Sunday morning the sad saga ended.
Bruce Boudreau was relieved of his duties as head coach of the Canucks, replaced by Rick Tocchet.
It was the worst kept secret in living memory.
For at least a week the story had already been the dominant one in the mainstream hockey media. You see, when a team is struggling—and the Canucks really have been—the coach’s job is always deemed to be on the line.
But what put this story over the top was that General Manager Jim Rutherford answered a media question truthfully a week ago.
Now that’s a big “no-no.”
With the Canucks’ struggles (and a little more related fuel in the reporters’ arsenal, such as Boudreau never having been Rutherford’s first choice), the inevitable speculation emerged.
In questioning about Boudreau’s security, the reporters also asked Rutherford whether he’d talked to potential replacements for Boudreau, and he admitted that he had.
When the team is struggling, GM’s are always questioned about the security of the coach’s job. The politically correct answer is always “Yes, he’s safe.” That answer, to be sure, is usually the kiss of death for a coach and means he’ll likely be fired within a week. But at least the GM’s lie has gotten him off the hook and (apparently) saved the soon-to-be-fired coach from embarrassment.
By speaking the truth, though, Rutherford put a media target on the club, left the coach dangling in supposed limbo (actually, the certainty was already there), infuriated the Canuck faithful, choked off the steam from the players’ motivation (as admitted by one player after Friday’s loss to the Avalanche) and turned the organization into a bit of a laughing stock around the League.
Rutherford says he’s gotten support from other GMs who believe the story was way overblown by the media.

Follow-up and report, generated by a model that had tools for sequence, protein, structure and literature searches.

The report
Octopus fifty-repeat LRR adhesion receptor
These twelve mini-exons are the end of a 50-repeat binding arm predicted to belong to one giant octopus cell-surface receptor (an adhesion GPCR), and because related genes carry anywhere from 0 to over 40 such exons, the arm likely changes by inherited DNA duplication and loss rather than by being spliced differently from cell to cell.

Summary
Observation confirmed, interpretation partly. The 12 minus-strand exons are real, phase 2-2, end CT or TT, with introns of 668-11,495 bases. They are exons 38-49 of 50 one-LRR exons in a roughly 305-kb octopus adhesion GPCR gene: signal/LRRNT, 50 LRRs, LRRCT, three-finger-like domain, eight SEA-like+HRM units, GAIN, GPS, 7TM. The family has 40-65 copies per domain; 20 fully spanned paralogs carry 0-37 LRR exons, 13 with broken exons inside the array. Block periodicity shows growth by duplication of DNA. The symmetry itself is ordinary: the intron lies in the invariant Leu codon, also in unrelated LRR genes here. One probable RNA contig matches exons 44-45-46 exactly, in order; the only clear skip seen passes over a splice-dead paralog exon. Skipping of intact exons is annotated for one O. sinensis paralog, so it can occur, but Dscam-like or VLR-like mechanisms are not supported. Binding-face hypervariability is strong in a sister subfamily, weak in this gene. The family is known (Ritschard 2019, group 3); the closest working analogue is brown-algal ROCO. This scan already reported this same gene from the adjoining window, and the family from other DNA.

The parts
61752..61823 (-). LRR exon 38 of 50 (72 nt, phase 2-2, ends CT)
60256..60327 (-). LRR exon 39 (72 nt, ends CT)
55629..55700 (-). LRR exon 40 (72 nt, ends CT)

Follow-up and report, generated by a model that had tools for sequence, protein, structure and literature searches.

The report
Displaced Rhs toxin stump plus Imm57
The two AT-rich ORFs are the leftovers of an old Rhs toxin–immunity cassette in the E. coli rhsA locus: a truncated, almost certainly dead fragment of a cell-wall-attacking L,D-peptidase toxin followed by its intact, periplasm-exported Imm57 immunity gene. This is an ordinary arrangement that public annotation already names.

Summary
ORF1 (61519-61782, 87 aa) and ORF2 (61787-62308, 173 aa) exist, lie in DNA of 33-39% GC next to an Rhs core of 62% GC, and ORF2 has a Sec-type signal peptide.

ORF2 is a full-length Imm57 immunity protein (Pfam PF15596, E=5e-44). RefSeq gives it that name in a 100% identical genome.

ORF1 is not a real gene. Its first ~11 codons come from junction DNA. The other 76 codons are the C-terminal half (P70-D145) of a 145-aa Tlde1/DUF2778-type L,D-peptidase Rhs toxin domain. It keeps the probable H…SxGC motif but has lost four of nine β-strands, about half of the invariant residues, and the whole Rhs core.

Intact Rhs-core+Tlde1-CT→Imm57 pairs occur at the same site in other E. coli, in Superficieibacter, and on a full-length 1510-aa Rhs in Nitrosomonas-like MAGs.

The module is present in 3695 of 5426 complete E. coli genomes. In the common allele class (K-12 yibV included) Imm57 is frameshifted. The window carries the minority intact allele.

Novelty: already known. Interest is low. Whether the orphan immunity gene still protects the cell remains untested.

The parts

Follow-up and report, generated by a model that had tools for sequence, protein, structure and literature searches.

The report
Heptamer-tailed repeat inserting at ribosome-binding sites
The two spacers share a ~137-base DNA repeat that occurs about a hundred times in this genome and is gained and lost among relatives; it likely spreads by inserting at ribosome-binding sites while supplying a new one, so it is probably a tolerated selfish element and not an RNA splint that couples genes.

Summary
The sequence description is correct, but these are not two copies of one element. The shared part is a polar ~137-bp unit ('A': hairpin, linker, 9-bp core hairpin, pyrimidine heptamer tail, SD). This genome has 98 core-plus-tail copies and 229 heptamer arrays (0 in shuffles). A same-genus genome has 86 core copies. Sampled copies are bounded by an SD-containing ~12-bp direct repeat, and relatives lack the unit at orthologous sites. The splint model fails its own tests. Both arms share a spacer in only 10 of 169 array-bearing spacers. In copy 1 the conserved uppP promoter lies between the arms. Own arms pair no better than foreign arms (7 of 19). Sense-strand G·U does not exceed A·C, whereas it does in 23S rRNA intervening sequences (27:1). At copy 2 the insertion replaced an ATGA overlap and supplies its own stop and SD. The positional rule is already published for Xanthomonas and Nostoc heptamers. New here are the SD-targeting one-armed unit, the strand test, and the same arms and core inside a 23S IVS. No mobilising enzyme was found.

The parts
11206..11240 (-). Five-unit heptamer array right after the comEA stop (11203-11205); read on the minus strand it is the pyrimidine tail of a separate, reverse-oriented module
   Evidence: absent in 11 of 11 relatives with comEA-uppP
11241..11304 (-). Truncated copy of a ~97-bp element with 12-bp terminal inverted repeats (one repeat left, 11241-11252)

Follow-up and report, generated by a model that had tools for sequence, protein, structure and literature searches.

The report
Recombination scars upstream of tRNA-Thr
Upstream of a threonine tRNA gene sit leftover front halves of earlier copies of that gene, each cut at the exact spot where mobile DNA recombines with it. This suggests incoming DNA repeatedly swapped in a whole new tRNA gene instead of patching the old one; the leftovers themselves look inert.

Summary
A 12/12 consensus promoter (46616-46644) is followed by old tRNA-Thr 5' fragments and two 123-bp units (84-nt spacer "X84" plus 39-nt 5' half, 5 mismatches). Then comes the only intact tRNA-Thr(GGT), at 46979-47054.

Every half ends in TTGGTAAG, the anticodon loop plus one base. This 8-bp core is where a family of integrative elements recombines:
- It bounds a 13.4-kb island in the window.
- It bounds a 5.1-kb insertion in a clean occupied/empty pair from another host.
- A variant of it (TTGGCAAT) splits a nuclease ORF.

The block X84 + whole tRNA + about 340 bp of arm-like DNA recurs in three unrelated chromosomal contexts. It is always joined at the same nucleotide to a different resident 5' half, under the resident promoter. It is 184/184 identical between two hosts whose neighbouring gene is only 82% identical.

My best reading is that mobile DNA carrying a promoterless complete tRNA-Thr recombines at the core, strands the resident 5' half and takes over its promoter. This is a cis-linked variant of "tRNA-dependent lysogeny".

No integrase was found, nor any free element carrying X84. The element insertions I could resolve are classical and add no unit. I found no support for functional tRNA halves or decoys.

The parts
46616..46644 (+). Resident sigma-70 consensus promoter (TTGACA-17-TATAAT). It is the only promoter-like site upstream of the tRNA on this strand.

But, in any case, Canuck management get an “A” for naivete.
Nowadays, you (apparently) do not speak “truth.” You speak “political correctness” (which, by definition, means “incorrectness;” otherwise, why would you need the adjective?)
How often do you ever hear a straight answer from an athlete, politician, or any public figure for that matter? They’re trained to give responses that evade the true answers to questions lest they get themselves into trouble. More often than not, their answers are laughable (notwithstanding the John Tortorellas of this world). The answers are sanitized through filters that determine what is the “acceptable” thing to say, or the “appropriate” wording to use.
And they’d better be up-to-date on the latest “appropriate” terminology, because that’s always in flux, too.
I recently heard of a US-based university professor of a foreign language (which I won’t identify, to avoid the political correctness police, myself), who used a word in that language that was pronounced something like “nigga.” The African-American students in the class were outraged and, apparently, so seriously offended that the professor got axed.
Truth be damned! Now it’s saving people (oneself and others) from offense, embarrassment, media scrutiny, public shame or loss of job that provides our standard of speech. At least if you’re in the public eye.
No wonder we get the sad state of politicians and public figures we do. Who would want to subject themselves and their careers to the political correctness watchdogs.
Perhaps it’s Rutherford’s age. He grew up in an era where lying was wrong. Remember Bill Clinton? He got impeached for lying.
I grew up in that era, too. A lie would certainly put one in jeopardy of the fires of hell, likely based on the ninth commandment. In Catholic circles it was cause for confession to the priest.
The tables have been flipped. Now giving offense is the sin. And lying to avoid giving offense is the virtue.
Now, I’m all for sensitivity and care in providing discourse that will avoid offense. But it’s almost impossible to say anything these days that won’t offend someone if they hear it.
Political correctness has replaced truth as a standard of behaviour.
The Sunday morning saga was sad not only because it concluded the employ of a popular coach who’d been left dangling on a thread of uncertain certainty for awhile, but also because it exposed once again how bizarre our societal expectations of discourse have become.
At least, that’s how I see it . . .